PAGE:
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ICTs and Local/Democratic GovernanceFor democratic governance, ICTs have the potential to empower previously disadvantaged constituencies like low-income women, ethnic minorities, the youth and the physically challenged.
Information and communication technologies (ICTs) have been touted to present Africa with several opportunities as far as development and governance are concerned. According to Nigerien media scholar Gado Alzouma, ICTs are expected to create wealth for rural traders and craftsmen by exposing them to a world-wide market via the internet. Education will also improve and spread because of new opportunities for African institutions to collaborate with other educational institutions across the globe, whiles taking advantage of the vast amount of information available on the internet.
For democratic governance, ICTs have the potential to empower previously disadvantaged constituencies like low-income women, ethnic minorities, the youth and the physically challenged.
In countries like Ghana, where the media is largely urban-centered, rural communities will be able to highlight through citizen journalism the issues that most intimately affect them, presenting these issues from their own perspectives. A phenomenon that has been referred to as “hyperlocalism”. Citizen journalism or open source journalism refers to a situation where ordinary citizens, with no professional journalism training or affiliation to conventional media organizations use internet tools like blogs to practice journalism. Allowing them to focus on issues that may have been ignored by the mainstream media.
ICTs can also be used to provide public access to information which is a vital aspect of any democratic system. Known as E-Governance (Electronic Governance), ICTs are harnessed by the government in providing government services and information for public usage. Through this citizens are empowered and enabled to make informed choices.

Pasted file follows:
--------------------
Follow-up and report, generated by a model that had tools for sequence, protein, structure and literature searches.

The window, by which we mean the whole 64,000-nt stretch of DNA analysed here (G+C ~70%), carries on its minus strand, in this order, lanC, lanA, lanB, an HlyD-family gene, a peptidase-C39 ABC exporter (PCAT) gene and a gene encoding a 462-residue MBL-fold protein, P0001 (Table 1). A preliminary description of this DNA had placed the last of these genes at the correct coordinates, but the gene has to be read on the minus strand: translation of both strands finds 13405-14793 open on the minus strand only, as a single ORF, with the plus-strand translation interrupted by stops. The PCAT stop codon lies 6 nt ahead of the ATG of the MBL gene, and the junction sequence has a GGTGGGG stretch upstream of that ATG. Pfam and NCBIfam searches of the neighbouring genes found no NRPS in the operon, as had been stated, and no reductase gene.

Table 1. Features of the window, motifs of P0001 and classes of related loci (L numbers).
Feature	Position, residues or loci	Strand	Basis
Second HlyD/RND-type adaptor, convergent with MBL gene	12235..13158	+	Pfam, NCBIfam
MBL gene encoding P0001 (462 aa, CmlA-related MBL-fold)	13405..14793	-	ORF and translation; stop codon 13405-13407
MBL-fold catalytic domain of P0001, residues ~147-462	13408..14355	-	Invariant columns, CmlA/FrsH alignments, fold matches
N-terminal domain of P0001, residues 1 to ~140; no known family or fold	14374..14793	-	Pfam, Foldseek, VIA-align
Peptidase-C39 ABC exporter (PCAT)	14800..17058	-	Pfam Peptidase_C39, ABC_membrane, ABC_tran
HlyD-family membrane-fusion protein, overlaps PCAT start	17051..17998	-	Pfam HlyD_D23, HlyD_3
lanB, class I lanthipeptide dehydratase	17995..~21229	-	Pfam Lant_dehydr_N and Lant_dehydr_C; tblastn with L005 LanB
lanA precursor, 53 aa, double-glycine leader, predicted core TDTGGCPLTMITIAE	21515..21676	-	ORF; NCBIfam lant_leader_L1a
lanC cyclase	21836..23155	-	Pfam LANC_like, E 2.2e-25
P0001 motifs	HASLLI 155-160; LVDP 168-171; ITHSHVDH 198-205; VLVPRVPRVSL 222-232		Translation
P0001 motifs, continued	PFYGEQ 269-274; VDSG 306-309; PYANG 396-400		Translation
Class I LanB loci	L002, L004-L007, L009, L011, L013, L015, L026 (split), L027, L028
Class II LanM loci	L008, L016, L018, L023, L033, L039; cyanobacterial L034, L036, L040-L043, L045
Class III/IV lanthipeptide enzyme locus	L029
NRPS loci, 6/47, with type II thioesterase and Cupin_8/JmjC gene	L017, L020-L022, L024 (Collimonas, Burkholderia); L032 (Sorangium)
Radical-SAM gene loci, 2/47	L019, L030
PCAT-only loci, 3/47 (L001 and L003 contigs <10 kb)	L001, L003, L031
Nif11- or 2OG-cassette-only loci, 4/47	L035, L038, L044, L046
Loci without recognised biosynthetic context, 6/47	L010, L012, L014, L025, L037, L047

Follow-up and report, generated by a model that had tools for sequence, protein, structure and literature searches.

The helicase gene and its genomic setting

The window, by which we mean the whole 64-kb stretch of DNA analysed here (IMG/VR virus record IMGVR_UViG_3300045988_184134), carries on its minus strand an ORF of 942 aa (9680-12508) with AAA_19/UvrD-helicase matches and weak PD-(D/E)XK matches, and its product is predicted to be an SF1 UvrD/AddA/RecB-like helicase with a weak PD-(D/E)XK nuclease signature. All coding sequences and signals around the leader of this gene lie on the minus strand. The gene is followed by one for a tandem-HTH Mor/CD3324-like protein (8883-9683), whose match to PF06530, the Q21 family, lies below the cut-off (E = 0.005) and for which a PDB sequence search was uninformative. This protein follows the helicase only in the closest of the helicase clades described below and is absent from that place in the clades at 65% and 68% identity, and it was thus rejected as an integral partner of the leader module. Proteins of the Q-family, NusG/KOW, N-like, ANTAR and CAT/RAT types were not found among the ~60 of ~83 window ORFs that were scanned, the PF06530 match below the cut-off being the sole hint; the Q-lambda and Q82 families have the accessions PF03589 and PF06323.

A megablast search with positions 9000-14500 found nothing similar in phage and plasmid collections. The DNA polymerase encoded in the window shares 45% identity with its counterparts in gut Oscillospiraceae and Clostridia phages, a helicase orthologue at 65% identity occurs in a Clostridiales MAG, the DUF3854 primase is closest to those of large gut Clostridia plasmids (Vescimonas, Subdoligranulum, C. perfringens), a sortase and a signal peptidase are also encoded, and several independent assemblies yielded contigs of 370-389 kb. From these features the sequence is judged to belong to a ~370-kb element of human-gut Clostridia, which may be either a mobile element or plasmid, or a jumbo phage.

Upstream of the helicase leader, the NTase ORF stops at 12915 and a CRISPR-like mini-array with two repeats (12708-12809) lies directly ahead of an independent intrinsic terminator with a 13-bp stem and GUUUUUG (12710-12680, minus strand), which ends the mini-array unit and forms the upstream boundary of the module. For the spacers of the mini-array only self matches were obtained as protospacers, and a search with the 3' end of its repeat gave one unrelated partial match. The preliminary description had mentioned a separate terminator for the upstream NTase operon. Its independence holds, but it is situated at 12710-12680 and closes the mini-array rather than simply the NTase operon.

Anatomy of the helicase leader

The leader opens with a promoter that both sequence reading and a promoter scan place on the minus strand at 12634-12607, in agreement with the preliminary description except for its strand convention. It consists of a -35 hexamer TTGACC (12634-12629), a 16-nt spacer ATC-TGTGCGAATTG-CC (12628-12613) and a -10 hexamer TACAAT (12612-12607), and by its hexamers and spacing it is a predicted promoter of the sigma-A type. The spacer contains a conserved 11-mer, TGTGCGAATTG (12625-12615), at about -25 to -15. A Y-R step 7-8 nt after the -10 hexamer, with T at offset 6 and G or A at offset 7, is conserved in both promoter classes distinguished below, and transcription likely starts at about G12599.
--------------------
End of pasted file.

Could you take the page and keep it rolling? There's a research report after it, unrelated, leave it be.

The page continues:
Advocacy groups are now able to network with organizations with similar goals world-wide. This enables these groups to compare strategies, discuss challenges and share solutions. The power of networking makes it difficult for authoritarian governments to put a lid on dissenting voices. Recently in Burma, despite the bloody crackdown on activists by the military regime, citizen journalists were still able to get news and pictures to the outside world via their mobile phones and blogs. It is heartening to note that in spite of the huge challenges in providing fixed line telephony for the continent, Africans are able to communicate, due to the tremendous growth in the use of mobile telephony.
Additionally, it has been observed that the internet now plays a unifying role for diasporic communities. People living outside their home countries, have the opportunity to stay abreast with developments back home, and also participate in debates on blogs and online forums.
Undoubtedly, ICTs have enormous potential in strengthening democratic values and nurturing more pluralistic societies. However for the full potential to be realized certain challenges must be addressed.
One of these is the much talked about “digital divide” which refers to the uneven distribution of ICTs across the globe. However there is also a “digital divide” within nations, with the male educated elite having greater access to ICTs. Deliberate attempts must be made to ensure that poor people, women and otherwise disadvantaged constituencies are given the necessary education about, and access to ICTs. Otherwise these new technologies will only serve to consolidate the position of the elite in African societies, at the expense of ordinary people.
Author : George Ferguson Laing
Selected article of Haayo Call 3
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